Donna Macdonald
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Writing to a woman's heart...
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So, the boss is unpredictable and you don’t have a friend among your co-workers. Or maybe you’re fed up with the late nights or you’re just bored to tears. Let’s face it, you hate your job. But is that a good enough reason to quit? Consider the following before your write that killer resignation letter:

1. Money

Unless we’re really lucky, we don’t work for love — we work for cold, hard cash. If you’re pulling in a good salary, will you be able to replicate it at another, more exciting job? Think about some of the lifestyle goodies your income currently provides for. Maybe your great salary buys a ski vacation for the family each winter, or regularly weekly shopping trips to upscale supermarkets. Are you ready to downgrade someof the good stuff for more happiness at work? These are hard questions, to be sure, but worth thinking carefully about before making a move.

2. Health Benefits

It’s worth reviewing your company benefits so that you can make a truly informed decision before accepting a new offer. Many corporations are handing over more and more health insurance premiums to their employees. So if your current firm is still paying the lion’s share of your insurance costs, that’s not just a benefit — it’s extra income. If the job you’re eyeing makes you pay more for your family’s health coverage than you’re paying now, that could be considered a loss of income that might not make a new job worthwhile.

Similarly, does your current job have a wellness program? You may have gym membership discounts, free health coaching, and incentives that lower your insurance premiums. Make sure your new company offers something comparable.

3. Savings Plans and Pensions

Pensions are almost as scarce as unicorns today, but if your current company has a pension plan, model how you’re doing with it. Check out what your pension would be if you left your job now. What impact will leaving the company right now have on your future income? If you only have a few years left until retirement, it may actually be better to stay out your term for the full benefit.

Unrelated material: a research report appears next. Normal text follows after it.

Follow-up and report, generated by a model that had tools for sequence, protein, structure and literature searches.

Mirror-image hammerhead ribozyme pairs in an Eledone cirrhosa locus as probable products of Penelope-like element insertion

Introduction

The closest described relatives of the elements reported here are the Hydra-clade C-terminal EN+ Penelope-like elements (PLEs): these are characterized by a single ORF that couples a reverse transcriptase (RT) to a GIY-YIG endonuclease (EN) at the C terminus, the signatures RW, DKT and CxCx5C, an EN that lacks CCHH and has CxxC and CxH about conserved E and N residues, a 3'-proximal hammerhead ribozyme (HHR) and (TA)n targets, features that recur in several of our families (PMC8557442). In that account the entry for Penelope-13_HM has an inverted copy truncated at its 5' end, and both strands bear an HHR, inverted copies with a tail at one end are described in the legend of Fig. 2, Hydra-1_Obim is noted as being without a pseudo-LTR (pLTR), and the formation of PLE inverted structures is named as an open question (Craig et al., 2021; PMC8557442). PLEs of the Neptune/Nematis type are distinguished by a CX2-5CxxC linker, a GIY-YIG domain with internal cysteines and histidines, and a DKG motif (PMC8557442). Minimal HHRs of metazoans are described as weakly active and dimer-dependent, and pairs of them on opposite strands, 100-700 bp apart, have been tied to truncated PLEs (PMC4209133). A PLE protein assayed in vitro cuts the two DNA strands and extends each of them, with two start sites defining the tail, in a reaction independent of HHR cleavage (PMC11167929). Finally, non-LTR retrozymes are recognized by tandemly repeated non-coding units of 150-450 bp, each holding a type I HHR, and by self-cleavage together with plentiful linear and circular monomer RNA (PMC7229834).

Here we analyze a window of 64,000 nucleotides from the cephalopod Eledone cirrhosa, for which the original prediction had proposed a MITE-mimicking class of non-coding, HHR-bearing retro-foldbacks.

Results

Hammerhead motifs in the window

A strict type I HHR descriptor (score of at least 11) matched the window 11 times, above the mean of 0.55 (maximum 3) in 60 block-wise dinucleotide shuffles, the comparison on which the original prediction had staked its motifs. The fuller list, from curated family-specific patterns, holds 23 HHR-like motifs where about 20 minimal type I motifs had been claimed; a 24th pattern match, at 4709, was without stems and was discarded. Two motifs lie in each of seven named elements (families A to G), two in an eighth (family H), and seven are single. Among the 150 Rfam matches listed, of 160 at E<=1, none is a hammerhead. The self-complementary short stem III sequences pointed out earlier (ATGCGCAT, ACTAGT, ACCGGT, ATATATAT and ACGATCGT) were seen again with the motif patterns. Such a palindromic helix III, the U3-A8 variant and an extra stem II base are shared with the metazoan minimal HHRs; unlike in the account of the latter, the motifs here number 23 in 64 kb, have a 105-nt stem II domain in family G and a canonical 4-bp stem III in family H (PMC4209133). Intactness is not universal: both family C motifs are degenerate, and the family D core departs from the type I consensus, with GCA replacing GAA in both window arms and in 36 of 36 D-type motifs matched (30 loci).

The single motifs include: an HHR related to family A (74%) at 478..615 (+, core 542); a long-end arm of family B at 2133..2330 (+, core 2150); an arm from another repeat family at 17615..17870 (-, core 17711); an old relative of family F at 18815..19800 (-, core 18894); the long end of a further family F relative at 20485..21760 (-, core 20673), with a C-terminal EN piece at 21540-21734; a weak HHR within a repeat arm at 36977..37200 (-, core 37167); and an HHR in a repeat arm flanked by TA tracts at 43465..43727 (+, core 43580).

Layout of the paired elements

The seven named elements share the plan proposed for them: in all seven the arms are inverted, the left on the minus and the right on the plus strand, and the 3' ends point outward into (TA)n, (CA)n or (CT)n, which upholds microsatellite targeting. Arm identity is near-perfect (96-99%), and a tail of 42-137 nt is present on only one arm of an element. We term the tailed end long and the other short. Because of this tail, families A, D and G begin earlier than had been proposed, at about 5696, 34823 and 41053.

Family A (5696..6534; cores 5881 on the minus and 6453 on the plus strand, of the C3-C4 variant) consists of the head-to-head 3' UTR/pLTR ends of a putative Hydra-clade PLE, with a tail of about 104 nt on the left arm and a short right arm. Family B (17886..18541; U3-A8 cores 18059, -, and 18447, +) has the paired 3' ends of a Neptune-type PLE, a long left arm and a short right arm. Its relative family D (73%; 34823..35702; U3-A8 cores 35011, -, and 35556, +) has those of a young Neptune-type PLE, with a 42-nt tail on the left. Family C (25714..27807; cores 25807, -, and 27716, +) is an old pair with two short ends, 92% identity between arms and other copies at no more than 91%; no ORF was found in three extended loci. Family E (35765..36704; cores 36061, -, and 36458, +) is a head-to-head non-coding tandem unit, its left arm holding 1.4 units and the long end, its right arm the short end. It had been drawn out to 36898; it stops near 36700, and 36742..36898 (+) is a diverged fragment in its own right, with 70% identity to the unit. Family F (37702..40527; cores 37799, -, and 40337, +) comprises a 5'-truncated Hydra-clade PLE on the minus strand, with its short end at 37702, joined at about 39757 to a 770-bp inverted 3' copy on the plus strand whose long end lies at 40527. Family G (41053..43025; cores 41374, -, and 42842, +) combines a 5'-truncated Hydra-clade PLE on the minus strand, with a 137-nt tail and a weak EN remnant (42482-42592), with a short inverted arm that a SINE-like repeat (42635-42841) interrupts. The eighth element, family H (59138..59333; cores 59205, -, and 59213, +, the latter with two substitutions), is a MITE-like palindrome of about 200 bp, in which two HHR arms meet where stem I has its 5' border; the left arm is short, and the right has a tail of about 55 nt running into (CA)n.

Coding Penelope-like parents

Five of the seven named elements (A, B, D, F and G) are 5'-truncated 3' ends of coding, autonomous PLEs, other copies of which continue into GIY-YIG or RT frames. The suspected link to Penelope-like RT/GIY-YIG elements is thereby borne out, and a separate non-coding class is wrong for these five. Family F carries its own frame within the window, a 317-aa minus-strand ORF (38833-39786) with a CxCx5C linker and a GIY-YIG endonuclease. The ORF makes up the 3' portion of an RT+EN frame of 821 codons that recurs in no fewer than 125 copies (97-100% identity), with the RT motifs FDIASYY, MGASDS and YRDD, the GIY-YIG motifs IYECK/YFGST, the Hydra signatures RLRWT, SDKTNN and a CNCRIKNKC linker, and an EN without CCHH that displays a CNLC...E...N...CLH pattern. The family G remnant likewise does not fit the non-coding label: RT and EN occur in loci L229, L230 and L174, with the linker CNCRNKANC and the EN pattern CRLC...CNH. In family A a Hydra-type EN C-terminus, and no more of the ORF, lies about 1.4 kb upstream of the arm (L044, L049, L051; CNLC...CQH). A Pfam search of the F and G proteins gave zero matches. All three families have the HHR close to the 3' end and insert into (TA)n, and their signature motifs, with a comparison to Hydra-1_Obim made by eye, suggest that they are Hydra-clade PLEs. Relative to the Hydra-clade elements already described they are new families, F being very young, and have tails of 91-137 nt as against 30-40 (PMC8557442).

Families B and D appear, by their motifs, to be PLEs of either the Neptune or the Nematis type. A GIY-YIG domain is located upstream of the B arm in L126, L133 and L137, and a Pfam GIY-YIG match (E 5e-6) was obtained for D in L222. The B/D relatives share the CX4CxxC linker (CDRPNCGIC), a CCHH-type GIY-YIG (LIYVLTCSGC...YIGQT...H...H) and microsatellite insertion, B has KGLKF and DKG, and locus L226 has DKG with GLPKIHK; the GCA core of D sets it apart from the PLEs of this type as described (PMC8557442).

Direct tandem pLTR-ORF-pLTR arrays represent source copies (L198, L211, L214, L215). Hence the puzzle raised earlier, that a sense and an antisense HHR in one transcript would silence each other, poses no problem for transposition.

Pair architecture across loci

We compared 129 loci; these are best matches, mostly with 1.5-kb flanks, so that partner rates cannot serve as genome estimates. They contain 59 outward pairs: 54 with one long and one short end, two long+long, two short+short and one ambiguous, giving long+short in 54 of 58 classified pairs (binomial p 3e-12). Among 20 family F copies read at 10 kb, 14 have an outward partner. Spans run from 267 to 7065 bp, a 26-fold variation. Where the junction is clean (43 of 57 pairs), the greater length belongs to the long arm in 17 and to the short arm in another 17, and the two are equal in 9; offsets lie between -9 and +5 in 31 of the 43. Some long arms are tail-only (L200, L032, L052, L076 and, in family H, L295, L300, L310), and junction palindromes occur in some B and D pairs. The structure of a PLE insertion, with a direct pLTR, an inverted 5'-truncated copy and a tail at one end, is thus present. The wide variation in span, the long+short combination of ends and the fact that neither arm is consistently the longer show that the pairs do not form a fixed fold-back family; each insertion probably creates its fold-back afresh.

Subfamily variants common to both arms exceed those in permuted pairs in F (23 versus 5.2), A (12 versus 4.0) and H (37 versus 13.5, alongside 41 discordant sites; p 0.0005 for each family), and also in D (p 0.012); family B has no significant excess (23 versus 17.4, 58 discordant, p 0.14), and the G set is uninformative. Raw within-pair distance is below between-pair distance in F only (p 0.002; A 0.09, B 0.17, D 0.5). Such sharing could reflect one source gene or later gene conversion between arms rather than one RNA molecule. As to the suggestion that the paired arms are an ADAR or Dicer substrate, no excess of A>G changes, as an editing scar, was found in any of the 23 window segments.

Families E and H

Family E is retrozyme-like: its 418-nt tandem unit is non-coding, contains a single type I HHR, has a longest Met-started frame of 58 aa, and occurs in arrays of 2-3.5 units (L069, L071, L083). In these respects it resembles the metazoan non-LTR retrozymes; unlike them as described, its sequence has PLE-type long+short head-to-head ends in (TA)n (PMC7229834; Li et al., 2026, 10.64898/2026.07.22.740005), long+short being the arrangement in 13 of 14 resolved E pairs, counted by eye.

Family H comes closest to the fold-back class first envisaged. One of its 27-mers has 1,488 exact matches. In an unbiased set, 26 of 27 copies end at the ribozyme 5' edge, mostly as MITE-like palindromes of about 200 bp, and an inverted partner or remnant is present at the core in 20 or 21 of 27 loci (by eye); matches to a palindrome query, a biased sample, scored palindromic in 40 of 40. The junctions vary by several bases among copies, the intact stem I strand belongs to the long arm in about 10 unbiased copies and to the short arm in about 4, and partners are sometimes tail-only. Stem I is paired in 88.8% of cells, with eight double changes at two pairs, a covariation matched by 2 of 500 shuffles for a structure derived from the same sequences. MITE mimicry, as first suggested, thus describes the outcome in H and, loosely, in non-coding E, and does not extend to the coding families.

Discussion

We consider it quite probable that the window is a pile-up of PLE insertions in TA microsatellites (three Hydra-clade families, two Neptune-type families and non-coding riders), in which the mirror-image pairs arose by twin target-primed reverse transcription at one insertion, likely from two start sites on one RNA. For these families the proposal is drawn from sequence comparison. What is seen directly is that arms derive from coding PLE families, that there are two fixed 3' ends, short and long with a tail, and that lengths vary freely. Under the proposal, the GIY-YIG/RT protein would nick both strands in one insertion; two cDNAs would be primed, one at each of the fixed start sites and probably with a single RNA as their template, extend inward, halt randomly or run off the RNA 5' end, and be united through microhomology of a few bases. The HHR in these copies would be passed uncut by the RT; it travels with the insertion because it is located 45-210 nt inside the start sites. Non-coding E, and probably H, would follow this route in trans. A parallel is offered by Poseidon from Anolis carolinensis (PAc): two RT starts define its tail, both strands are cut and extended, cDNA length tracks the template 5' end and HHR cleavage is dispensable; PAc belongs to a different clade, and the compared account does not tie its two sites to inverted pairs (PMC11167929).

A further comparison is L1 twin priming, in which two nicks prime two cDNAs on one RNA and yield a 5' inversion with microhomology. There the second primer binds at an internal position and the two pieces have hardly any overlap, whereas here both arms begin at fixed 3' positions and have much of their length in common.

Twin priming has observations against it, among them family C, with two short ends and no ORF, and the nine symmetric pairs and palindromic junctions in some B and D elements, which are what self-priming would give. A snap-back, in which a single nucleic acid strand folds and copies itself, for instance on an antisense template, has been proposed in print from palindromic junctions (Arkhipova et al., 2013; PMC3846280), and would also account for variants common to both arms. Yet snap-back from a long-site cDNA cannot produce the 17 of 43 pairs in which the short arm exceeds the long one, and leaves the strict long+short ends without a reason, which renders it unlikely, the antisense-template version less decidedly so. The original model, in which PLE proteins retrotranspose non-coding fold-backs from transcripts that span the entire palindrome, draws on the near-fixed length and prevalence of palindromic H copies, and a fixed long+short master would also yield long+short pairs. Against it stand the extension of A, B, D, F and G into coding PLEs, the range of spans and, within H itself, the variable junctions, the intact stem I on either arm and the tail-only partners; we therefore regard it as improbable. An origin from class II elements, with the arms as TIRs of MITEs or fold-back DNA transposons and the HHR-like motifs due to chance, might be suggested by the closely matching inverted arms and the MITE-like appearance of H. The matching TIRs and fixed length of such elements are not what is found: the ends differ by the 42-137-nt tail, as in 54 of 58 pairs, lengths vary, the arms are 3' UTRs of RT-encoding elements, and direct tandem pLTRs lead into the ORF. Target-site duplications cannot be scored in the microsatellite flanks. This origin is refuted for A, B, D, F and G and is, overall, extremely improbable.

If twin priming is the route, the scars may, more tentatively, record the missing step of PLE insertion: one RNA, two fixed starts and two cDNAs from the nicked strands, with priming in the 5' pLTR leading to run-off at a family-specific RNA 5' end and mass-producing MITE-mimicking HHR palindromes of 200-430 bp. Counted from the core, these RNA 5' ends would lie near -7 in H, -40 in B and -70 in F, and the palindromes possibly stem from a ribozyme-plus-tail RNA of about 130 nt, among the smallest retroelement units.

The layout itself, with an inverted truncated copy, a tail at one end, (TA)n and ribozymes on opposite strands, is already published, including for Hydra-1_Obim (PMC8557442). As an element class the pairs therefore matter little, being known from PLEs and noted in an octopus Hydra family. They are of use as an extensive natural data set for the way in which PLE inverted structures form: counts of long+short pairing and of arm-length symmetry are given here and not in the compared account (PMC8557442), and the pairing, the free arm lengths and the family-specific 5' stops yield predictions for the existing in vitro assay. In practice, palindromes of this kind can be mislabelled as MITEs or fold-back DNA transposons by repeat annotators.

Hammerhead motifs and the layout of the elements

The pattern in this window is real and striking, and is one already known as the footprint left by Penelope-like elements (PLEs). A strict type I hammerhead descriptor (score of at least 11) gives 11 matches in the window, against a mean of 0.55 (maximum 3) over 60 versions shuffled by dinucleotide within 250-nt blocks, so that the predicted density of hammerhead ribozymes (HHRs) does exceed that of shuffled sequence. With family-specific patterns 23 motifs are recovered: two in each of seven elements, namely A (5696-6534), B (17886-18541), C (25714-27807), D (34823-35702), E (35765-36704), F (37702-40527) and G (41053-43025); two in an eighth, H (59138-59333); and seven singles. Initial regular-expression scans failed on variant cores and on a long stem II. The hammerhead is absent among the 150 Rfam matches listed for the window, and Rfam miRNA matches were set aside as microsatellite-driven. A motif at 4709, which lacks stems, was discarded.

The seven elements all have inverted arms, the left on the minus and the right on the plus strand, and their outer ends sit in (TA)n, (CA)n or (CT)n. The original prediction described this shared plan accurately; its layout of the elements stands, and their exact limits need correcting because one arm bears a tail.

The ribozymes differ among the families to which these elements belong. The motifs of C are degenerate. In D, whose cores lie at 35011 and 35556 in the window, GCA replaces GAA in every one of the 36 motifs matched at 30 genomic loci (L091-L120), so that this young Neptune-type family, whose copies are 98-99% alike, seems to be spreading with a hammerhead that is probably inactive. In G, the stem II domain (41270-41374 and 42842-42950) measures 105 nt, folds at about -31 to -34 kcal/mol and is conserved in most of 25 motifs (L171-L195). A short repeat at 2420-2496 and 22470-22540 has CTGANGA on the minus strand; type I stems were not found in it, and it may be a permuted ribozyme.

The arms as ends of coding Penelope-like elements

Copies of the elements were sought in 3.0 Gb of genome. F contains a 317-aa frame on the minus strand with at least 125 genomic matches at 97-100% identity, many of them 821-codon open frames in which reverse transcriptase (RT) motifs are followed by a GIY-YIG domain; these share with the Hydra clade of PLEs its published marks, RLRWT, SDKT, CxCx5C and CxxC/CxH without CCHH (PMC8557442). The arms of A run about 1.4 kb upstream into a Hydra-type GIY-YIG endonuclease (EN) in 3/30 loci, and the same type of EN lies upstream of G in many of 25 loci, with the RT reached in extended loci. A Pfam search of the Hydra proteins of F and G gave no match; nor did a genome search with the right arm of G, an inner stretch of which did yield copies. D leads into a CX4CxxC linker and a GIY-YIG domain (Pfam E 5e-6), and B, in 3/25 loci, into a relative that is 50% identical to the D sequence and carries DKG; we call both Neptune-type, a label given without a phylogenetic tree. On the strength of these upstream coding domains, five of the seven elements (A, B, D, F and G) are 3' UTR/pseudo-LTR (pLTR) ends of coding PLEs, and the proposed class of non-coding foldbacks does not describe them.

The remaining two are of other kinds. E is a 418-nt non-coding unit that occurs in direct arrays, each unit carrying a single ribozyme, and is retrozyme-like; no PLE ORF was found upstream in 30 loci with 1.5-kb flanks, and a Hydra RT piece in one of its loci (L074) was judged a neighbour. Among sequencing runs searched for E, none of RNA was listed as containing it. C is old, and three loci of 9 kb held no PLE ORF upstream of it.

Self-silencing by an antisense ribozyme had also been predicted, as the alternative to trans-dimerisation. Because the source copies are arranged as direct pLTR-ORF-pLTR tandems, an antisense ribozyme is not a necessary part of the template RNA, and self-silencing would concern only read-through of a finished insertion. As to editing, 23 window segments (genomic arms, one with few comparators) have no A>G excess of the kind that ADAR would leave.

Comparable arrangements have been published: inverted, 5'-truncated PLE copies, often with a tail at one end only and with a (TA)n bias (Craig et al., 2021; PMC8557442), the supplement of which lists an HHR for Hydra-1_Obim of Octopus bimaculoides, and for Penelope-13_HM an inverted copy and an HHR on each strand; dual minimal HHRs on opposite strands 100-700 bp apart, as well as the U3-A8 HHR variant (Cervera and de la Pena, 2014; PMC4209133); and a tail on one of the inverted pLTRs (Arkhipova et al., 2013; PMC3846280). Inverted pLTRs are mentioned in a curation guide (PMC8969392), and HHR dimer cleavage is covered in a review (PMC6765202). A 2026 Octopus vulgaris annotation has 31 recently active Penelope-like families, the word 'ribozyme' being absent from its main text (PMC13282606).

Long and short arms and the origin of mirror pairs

Check out your 401K plan, as well. If your current company offers a match and the new one doesn’t, that’s more lost money. Also, does the new 401K have an investment option? You may want to check out what securities the new company invests in and even the performance of those funds. Make sure you'll be getting a better deal at your new place.

4. Time Off

And while we’re at it, how’s the sick time policy at the place you're eyeing? Does it match the liberal sick policy you have now? Ditto for vacation time. Which job has more? If you’ve accumulated a hefty bank of vacation days, find out what will happen to them. Some companies will pay you for those days in your final paycheck and some will make you forfeit them. If your new job starts you out with a mere two weeks of vacation and you currently have four, that’s an important consideration for you and your family.

5. Commuting

With America’s commute time becoming lengthier every year that passes, make sure you know how long your new commute will be and how it compares with your current drive time. If you’re 15 minutes door to door, consider how that 45 minute commute (1.5 hours a day) is going to impact your personal time. And add the additional gasoline and tolls that the change of jobs may bring with it.

6. Wardrobe

Thoreau warned us to beware of enterprises that require new clothes. What’s the dress code at your new job? Are you going to have to step it up in the wardrobe department? Do you love wearing sneakers and flip-flops and the new job requires heels and pearls? As a man, will you need a new suit, some ties, and conservative shoes? These considerations may cost you, or you'll discover you prefer your current job's casual ways.

7. Perks

Even though you wouldn’t choose your pod-mates for friends, you may still want to consider the additional perks your job may be offering. Do you like the grounds your company is situated on and enjoy nature-inspired lunchtime strolls? What about the cafeteria — does it offer some great meals or late-afternoon froyo? Will you miss any soft benefits you’ve come to enjoy in your current job?

8. Location, Location, Location

Do you work close to your favorite markets, your bank, and your dentist? Maybe your elderly parents live nearby and checking in on them is easier when you are 9-5'ing close by. Also, if the daycare you use is in the vicinity, what will it be like to move your child to a new place and what will it cost? All of these are factors that may end up on the “con” side of the column.

9. Perspective

You might still want that shiny, new job, and it very well may be worth it to get outta dodge. Only you can decide. But make sure you hold onto your perspective — you may find that jumping ship is far better than staying with a toxic company culture that doesn’t value you. But if you put it into context, you may see that the job you hate so much may just be the best gig in town. For now.

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Donna is a freelance writer with a particular interest in the issues, struggles, loves, and dreams of women. She writes all about it on her blog, alovelyinconsequence.blogspot.com.

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